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The document, obtained by the Otago Daily Times, was prepared for the board, which just before Christmas announced it was moving from 17 to three providers, at the expense of Presbyterian Support Otago, which lost a $5.5 million contract.
The ideal number of providers was three, the document concluded.
''Having less providers reduces the complexity of the process and gives each one the benefit of having greater economies of scale to employ professional project management expertise.
''However, less providers also gives each provider greater long-term responsibility for managing a larger market share.''
Health professionals would supervise support workers and liaise with GPs, nurses, pharmacists, hospice teams and specialist services.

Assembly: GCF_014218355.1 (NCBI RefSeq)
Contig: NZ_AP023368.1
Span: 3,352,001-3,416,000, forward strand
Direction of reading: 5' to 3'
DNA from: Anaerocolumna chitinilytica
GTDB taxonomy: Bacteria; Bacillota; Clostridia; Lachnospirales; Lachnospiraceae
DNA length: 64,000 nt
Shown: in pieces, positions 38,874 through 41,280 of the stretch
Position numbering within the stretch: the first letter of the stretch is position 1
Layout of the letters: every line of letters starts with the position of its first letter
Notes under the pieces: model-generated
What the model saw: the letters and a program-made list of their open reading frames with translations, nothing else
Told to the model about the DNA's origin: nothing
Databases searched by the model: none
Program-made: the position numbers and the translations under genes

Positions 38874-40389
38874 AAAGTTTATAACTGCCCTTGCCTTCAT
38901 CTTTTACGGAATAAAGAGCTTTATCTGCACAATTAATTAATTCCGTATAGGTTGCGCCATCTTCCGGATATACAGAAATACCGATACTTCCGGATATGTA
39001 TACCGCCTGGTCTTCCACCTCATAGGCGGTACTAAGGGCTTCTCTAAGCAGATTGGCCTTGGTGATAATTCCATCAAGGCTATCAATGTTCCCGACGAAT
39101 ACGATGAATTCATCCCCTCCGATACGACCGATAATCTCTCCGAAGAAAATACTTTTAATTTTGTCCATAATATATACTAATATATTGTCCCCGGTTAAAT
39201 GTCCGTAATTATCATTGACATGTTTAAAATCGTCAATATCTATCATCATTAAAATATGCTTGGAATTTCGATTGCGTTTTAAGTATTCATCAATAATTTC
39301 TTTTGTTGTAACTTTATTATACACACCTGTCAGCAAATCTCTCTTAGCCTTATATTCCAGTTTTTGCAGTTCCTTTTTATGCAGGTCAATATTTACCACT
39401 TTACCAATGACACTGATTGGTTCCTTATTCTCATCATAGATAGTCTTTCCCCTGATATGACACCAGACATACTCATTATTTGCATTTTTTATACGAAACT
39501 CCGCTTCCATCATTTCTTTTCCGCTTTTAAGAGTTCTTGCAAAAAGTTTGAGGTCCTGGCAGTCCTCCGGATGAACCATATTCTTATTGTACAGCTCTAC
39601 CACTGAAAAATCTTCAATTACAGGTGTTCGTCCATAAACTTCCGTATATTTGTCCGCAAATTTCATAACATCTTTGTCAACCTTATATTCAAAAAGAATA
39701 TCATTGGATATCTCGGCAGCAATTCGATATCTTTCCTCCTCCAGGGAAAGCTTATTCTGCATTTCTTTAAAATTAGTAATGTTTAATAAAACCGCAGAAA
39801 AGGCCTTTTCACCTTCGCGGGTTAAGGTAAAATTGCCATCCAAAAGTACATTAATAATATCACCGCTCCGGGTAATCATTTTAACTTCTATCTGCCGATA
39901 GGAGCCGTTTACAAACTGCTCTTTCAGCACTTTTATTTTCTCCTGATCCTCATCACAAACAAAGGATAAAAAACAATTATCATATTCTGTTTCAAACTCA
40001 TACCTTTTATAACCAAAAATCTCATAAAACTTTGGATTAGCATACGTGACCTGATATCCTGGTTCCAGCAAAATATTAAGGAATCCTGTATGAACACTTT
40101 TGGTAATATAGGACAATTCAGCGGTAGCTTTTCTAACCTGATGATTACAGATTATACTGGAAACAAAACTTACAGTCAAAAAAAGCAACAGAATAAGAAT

''To support the financial requirements of employing registered health professionals and increasing training, providers need to be able to minimise overhead costs in a limited budget such as office space and information technology infrastructure.''
Transferring clients and support workers to new providers required ''significant project and change management''.
The providers selected needed to be ones that could work together to achieve ''synergy'' on a joint service development team. Finance and funding director Robert Mackway-Jones, when contacted yesterday, acknowledged the risk associated with fewer providers, but this was ''absolutely'' outweighed by the benefits of choosing three providers over four.
''If you've got a lower number of providers in the mix...it increases the risk profile because if one's not [performing] you haven't got the opportunity for people to choose other providers to go to.''
However, the new service model would be of ''huge benefit'' to clients. The chosen providers are Access, Healthcare New Zealand, and the Royal District Nursing Service New Zealand. The new model will be phased in from next month.
When it put the service out to tender, the board said the maximum number of providers it would contract was four.